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When medicine reaches perfection—have we achieved that elusive goal yet?
We’ve made so much progress in science and medicine, but has it been perfected yet? Will it ever be perfected?
We all admire and respect heroic doctors in their white coats: intelligent, hard-working, with the power to make life and death decisions.
All my life I only considered the western/modern medicine model as the “true” medicine—anything else I considered as questionable.
Wayne Dyer says: “The highest form of ignorance is to dismiss something you don’t know anything about.”
Well, that was me. I didn’t know much about western/modern medicine, but many of my relatives were medical doctors or married one. I ended up marrying a physician myself. I also didn’t know much about any other forms of treating disease, such as holistic/naturopathic medicine, which was well accepted in Germany where I grew up. I only accepted the academic, western medicine mode of treating illness, mainly because I thought of it as “science.” To make matters worse, I looked upon alternative/holistic doctors a bit with disapproval and prejudice.
But God has mysterious ways of teaching us lessons… ten years later I have become a doctor in natural medicine myself and write this article, knowing I might face the same prejudice I had towards holistic doctors before.
To make a long story short, due to circumstances I started realizing that for many conditions, especially chronic conditions, our current medical system offers little more than a band aid, and only suppresses symptoms via drugs, without addressing the actual causes and cures of disease.
As I learned more and experienced more, I became less impressed with modern medicine, and I stopped trusting blindly and following “doctors’ orders.” Instead, I started educating myself about health, diseases and their cures. I started reading the Baha’i writings about medicine, health and healing and I slowly realized that a new kind of medicine is emerging:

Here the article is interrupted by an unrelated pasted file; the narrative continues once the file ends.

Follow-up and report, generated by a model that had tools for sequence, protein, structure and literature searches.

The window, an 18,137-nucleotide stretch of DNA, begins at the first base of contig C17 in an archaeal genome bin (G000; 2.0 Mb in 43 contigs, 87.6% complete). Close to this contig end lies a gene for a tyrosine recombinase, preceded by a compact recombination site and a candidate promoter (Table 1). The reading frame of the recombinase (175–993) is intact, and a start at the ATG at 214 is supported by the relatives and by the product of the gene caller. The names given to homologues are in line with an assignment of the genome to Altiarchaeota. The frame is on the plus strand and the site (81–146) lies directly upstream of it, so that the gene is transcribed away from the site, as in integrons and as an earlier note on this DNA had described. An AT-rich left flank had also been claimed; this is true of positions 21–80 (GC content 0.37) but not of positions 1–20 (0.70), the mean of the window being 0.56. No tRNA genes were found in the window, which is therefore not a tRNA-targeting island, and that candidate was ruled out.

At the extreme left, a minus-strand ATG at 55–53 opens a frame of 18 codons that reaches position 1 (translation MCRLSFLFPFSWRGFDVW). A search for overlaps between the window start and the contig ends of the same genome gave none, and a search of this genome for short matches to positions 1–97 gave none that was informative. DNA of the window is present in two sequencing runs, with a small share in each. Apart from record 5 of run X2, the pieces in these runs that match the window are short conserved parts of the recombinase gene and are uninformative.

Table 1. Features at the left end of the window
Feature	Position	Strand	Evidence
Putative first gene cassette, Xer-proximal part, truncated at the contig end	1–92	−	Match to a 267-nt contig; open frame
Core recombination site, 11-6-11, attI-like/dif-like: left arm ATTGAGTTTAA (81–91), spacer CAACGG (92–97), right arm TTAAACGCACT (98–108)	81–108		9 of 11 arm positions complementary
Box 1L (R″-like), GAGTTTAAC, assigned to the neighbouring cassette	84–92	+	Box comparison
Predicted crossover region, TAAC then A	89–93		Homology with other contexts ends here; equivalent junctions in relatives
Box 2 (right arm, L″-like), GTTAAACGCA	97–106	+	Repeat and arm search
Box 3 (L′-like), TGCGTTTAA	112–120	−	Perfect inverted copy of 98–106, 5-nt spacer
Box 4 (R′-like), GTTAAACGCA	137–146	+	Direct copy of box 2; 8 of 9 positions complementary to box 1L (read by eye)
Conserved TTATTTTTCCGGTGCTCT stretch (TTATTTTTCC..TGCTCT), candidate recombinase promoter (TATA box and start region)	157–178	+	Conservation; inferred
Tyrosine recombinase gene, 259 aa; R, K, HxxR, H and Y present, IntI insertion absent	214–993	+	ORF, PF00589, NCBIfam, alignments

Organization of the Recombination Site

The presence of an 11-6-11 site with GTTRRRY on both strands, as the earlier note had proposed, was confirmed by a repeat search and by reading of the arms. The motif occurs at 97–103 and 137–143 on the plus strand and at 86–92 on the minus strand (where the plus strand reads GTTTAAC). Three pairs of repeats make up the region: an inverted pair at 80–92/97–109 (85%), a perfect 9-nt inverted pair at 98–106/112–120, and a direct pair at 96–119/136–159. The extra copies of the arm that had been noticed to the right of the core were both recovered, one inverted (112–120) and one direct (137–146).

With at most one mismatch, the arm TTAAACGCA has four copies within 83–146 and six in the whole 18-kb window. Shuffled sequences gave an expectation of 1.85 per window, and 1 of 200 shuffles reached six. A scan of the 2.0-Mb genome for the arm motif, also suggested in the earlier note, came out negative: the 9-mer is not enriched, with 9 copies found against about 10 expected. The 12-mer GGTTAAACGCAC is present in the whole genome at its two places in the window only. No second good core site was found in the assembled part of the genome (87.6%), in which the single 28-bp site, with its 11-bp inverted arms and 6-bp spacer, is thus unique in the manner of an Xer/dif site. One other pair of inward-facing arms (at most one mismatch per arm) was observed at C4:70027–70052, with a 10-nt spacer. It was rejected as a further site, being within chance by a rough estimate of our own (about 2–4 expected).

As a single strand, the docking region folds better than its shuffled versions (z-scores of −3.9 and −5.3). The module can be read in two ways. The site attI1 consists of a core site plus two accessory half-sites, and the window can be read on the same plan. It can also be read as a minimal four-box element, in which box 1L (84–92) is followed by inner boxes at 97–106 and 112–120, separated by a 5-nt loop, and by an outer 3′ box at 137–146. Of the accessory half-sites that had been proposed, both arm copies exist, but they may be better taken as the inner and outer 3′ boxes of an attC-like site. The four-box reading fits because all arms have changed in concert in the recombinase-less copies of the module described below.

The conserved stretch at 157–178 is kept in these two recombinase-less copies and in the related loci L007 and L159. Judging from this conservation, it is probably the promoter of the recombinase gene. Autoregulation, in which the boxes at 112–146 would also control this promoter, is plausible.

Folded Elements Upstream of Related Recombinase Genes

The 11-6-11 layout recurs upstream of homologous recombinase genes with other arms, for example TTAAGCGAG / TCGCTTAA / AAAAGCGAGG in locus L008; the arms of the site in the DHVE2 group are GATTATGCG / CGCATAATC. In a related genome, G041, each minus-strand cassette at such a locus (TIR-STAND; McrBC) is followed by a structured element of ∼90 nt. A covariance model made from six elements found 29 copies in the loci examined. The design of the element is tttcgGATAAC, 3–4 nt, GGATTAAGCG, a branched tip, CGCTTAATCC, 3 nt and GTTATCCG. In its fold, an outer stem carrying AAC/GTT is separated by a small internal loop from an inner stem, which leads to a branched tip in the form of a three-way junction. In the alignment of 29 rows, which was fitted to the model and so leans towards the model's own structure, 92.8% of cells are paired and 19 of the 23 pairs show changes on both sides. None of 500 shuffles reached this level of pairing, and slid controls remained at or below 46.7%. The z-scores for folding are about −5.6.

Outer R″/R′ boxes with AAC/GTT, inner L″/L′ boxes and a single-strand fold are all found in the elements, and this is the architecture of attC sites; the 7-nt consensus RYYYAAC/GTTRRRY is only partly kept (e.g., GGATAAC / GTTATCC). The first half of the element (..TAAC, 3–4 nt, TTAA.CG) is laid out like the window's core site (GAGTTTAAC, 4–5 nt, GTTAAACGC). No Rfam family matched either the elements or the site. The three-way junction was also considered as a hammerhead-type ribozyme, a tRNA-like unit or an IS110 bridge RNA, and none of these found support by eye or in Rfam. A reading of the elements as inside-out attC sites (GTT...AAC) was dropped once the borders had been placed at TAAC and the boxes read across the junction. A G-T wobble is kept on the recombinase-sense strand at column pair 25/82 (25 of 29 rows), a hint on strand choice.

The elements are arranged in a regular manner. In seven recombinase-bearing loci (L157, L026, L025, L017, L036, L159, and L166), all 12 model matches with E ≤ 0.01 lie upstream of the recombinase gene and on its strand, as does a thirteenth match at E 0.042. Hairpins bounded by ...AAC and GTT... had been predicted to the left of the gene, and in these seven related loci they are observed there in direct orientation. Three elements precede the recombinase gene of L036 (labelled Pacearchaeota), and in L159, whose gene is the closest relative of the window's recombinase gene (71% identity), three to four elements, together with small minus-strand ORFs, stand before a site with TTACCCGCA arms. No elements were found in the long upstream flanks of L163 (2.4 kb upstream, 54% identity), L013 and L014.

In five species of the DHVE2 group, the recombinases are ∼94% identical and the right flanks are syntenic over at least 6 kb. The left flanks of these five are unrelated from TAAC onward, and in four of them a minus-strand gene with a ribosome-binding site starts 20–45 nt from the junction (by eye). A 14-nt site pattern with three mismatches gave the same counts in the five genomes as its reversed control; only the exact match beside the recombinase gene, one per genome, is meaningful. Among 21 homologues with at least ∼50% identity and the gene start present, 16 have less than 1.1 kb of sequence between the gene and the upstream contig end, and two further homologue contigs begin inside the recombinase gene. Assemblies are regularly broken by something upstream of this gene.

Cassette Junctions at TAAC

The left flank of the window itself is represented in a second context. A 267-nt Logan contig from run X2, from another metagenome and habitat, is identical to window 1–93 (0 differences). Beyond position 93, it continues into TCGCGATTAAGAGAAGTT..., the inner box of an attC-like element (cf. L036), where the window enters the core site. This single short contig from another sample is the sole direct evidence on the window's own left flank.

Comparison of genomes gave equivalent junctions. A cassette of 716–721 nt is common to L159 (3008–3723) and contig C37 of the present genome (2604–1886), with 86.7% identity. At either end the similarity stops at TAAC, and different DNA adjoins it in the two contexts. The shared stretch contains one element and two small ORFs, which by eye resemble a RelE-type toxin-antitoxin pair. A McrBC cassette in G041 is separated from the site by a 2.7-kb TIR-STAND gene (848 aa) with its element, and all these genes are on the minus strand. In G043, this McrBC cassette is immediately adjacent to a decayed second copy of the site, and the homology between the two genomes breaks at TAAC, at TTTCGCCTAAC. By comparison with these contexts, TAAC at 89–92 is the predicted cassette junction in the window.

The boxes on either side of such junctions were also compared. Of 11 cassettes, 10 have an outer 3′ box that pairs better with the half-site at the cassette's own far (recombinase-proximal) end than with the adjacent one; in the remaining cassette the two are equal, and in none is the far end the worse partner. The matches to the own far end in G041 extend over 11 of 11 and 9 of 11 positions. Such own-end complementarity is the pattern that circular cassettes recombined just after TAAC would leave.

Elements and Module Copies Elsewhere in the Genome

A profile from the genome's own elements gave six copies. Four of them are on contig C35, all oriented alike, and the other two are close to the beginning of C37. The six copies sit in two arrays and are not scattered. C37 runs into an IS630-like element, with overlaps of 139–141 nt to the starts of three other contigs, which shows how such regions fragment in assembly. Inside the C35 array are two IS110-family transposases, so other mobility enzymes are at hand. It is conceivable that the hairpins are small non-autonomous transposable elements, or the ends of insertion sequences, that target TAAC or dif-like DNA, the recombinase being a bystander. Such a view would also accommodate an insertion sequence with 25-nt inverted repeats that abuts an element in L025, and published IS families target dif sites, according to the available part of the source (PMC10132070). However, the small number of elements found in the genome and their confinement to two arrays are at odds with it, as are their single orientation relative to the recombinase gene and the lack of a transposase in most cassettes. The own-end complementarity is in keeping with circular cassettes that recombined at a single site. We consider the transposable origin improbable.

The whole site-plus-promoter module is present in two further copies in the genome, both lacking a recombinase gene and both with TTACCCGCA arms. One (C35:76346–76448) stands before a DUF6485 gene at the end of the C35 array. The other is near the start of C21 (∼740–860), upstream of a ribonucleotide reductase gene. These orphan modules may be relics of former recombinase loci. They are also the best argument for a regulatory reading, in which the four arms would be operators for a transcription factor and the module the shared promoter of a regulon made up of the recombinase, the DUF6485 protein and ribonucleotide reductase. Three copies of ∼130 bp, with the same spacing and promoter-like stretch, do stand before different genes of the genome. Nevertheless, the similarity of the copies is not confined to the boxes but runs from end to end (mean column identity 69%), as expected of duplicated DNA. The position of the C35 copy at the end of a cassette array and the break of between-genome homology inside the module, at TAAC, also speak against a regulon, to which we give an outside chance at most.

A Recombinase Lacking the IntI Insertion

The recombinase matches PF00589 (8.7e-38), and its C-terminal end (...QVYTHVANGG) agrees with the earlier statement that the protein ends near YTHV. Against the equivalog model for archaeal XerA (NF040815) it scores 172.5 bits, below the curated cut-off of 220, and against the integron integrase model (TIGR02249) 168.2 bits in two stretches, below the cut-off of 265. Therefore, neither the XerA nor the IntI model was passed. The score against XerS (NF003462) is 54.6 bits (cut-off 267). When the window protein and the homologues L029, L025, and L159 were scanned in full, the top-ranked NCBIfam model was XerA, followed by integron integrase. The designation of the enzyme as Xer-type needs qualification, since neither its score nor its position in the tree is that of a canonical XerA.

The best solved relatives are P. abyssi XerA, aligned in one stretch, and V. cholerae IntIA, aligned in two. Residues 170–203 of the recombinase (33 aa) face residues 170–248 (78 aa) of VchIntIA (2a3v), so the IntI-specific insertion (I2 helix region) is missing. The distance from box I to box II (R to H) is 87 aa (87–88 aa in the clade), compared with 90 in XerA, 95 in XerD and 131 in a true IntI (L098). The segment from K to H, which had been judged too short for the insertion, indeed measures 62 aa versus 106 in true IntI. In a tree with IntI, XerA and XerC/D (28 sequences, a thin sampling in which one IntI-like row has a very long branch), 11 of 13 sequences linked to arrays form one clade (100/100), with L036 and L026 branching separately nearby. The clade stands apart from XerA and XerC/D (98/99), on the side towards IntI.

It is, therefore, evident that it is possible to cure by foods, aliments and fruits; but as today the science of medicine is imperfect, this fact is not yet fully grasped. When the science of medicine reaches perfection, treatment will be given by foods, aliments, fragrant fruits and vegetables.. – Abdu’l-Baha, Some Answered Questions, newly revised edition, p. 297.
Reading this for the first time quite amazed and puzzled me. In the era of vaccines, antibiotics, statins and blood pressure medications, Abdu’l-Baha says when medicine reaches perfection treatment will be given by foods? At first that sounded more backwards than forwards to me.
But I soon realized and understood that we are indeed going backwards—back to nature—to perfect medicine.
At one point in the development of modern medicine, for example, antibiotics were the most groundbreaking discovery. But through over-prescription of antibiotics we have created superbugs that are now antibiotic resistant.
However, we now have started to develop sufficient scientific knowledge to begin understanding the effects of nutrition. Since drug companies can’t patent nature, it is more challenging to get funding for scientific studies on the salubrious effects of fruits and herbs. Eventually, however, we will study which foods cure which conditions, and we’ll start to understand how much of a certain food, in synergy with what other foods do, treats disease and produces health.